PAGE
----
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Columbian uses possesion, turnovers to beat Clyde

AnthonyMoujaes • Nov 14, 2010 at 1:22 AM

Limit the time a team possesses the ball, then you limit their chances of scoring.

Five turnovers -- four of them in the second half -- don't help either.

A late touchdown for Clyde made the end of Saturday's regional semifinal interesting, but Tiffin Columbian (11-1) held on to win, 13-7, at Don Paul Stadium in Fremont, and will play in a Division II regional championship Saturday against Columbus Bishop Watterson (11-1), a 21-7 winner against Elida.

Mac Wilkerson grabbed the ball with one hand after the Fliers blocked a 22-yard field goal attempt, and returned it 95 yards for Clyde's (10-2) only touchdown in the game with 2:17 left in the fourth quarter. But the offense didn't see the ball after Columbian recovered an onside kick and ran out the clock.

"It comes down to turnovers and penalties," Clyde coach Marc Gibson said. "That's the difference.

"We would stop them, then give them yards (on penalties). You have to play a near perfect game this late in the season."

Columbian had possession of the ball more than twice as long as Clyde (32:50 to 15:10) and ran 70 plays to Clyde's 39.

"It comes down to special team and turnover margin," first-year Columbian coach Brian Colatruglio said. "Not only do we get the ball back (after a turnover) but we flip the field position... It's hard to drive 80 yards on our defense, so even when we didn't score we'd still turn the field."

The Tornadoes kicked two field goals and sustained the game's only offensive drive in the first half on a short pass from Ryan Tittle to Austin Bentz with 1:47 left in the second quarter.

"The plan was to possess the ball," Colatruglio said. "The plan was to punch it in more in the red zone, too."

Limiting Clyde to 19 first-half plays and just two first downs helped Columbian to a 10-0 lead at halftime. In the second half, the Fliers fumbled the ball away on their first two possessions -- the second was a Jordan Colson muffed punt that set up a 32-yard field goal that made the score 13-0.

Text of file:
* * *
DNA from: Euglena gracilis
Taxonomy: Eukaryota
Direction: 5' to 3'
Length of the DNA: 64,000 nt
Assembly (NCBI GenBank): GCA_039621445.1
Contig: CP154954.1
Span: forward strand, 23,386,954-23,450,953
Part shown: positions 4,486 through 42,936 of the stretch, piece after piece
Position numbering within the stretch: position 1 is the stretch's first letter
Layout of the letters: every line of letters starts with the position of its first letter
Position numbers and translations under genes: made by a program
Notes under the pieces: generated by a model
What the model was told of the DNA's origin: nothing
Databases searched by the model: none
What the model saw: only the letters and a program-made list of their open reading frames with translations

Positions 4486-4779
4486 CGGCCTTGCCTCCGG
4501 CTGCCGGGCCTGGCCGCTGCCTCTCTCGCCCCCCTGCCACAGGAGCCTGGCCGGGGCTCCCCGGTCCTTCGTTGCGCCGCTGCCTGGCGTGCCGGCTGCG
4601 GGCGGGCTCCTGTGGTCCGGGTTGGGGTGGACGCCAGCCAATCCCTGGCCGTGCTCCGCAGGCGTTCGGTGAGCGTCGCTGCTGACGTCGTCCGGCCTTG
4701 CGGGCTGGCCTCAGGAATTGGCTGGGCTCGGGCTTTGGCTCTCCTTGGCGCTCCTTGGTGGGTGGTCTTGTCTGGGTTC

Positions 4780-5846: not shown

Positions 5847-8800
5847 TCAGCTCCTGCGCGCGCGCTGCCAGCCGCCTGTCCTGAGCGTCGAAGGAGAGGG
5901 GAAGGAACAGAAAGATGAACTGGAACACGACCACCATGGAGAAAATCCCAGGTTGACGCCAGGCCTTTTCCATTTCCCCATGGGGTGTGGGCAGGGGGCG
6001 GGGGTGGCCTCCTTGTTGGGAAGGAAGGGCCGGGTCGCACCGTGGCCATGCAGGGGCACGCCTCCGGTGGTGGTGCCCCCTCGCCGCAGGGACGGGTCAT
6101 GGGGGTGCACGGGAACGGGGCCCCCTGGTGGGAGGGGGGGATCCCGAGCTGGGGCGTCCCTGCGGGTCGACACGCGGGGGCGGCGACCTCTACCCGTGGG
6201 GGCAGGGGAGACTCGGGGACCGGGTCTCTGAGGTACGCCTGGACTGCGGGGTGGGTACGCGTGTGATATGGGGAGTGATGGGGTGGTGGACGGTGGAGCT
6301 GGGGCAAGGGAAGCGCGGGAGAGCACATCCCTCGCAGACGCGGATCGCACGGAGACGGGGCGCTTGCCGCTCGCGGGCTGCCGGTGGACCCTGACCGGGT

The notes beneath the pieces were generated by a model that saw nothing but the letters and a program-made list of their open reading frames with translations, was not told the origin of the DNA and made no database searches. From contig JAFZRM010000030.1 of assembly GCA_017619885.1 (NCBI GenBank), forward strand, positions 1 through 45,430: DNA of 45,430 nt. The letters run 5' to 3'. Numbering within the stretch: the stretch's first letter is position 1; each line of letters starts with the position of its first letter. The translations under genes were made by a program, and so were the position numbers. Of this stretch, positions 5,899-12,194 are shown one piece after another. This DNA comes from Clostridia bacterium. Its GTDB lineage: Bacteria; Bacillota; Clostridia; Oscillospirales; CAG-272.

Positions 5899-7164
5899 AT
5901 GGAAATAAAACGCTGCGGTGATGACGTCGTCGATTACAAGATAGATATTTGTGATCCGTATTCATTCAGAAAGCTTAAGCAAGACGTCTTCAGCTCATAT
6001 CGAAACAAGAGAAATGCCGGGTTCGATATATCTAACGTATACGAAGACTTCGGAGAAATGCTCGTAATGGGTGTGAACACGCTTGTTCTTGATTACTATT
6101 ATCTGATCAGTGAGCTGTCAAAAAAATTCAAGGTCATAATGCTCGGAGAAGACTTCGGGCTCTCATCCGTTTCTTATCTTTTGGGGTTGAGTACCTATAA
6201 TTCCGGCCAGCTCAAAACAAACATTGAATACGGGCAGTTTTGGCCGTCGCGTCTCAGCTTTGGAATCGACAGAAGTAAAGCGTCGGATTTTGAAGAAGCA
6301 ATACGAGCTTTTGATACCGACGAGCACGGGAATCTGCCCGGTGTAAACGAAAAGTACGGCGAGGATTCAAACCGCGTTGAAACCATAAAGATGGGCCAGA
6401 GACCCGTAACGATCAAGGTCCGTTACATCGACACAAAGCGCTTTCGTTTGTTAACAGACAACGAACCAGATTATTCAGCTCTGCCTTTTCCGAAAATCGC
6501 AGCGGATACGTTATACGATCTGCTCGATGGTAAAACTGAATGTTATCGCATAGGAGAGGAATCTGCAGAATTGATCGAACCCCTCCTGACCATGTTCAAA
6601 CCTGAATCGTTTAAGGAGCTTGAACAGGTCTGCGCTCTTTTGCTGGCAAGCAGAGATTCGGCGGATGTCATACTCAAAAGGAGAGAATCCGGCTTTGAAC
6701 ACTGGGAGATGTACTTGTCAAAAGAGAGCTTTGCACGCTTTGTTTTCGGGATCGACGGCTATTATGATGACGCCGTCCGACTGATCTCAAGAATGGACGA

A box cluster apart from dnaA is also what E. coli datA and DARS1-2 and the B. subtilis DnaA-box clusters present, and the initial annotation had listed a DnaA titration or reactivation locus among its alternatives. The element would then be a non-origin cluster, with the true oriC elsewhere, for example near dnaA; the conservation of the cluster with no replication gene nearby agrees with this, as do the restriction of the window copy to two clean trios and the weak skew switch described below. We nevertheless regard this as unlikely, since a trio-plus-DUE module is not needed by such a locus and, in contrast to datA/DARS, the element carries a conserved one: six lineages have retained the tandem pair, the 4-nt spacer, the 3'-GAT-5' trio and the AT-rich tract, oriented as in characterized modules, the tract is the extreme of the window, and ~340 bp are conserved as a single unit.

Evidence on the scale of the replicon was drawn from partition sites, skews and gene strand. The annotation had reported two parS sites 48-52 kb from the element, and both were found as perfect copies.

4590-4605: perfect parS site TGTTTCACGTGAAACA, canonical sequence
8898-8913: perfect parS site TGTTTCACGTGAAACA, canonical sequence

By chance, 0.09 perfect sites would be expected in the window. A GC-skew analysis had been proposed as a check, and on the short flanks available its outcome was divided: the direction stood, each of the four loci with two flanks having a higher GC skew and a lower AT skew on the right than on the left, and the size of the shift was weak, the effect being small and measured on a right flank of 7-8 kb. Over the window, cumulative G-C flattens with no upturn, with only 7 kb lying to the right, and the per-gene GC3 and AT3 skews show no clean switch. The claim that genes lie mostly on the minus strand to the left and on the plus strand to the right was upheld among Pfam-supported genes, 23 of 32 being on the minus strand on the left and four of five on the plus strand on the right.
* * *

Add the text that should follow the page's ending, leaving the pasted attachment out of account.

"We had a few three-and-outs. That's where you get time of possession," Colatruglio said. "We had the ball most of the first quarter. And we made plays on third down. (Clyde's) a physical team that made it hard to move the ball."

Things started well for Columbian on 15 of its 16 plays of the opening drive. Mike Lee had a 20-yard run on an end around, and Vince Kurtz gained 15 yards to set up first down at the Fliers' 8.

After the next three plays netted six yards, Kurtz carried on fourth down from the 2, but fumbled it away.

Gabe Gilbert recovered for Clyde, but the Fliers gave it right back three plays later when Ryan Meyer's pass for Bennett Brown was caught, but Brown lost the ball to the Tornadoes' Shawn Cole, setting up Caden Chapman's 22-yard field goal.

His second attempt from 22 yards in the game late in the fourth with Columbian trying to put the game away didn't fare as well. The snap was high and the Fliers got penetration up the middle to block the attempt, then the ball deflected almost perfectly to Wilkerson near the left hash-mark, setting up his long run.

"The ball happened to bounce in my hands, and no one was there to catch me" said Wilkerson, who played most of the season with an injured shoulder.

"He's an athlete and a warrior," Gibson said. "He's been playing hurt since the Huron game (Sept. 24) and refused to come out of the game."

Columbian's touchdown drive ate 5:05 off the clock and went 54 yards, set up by Kurtz's 12 yard-run and a third-down pass from Tittle to Jesse Hernandez for 21 yards on third and 10 at the Clyde 37. After converting third down, Tittle completed a low pass to Bentz on a slant pass in the end zone for a 10-0 lead after Champan's PAT.

The rest was on the Tornadoes' defense, which held Clyde to eight first downs and 117 totals yards.

"They brought a lot of defensive pressure and blitzing from the outside, and they had solid coverage over the top," Gibson said. "When you can drop eight, and three or four pressure you, that makes it tough."

The Fliers defense, which was on the field far more than Columbian's, kept the Tornadoes to 3.3 yards per play and 234 yards on 16 first downs. Columbian was 4 of 16 on third down and 1 of 5 on fourth down.

"The defense played phenomenally," Gibson said. "Our defense kept them to a low-scoring game and gave us a chance."

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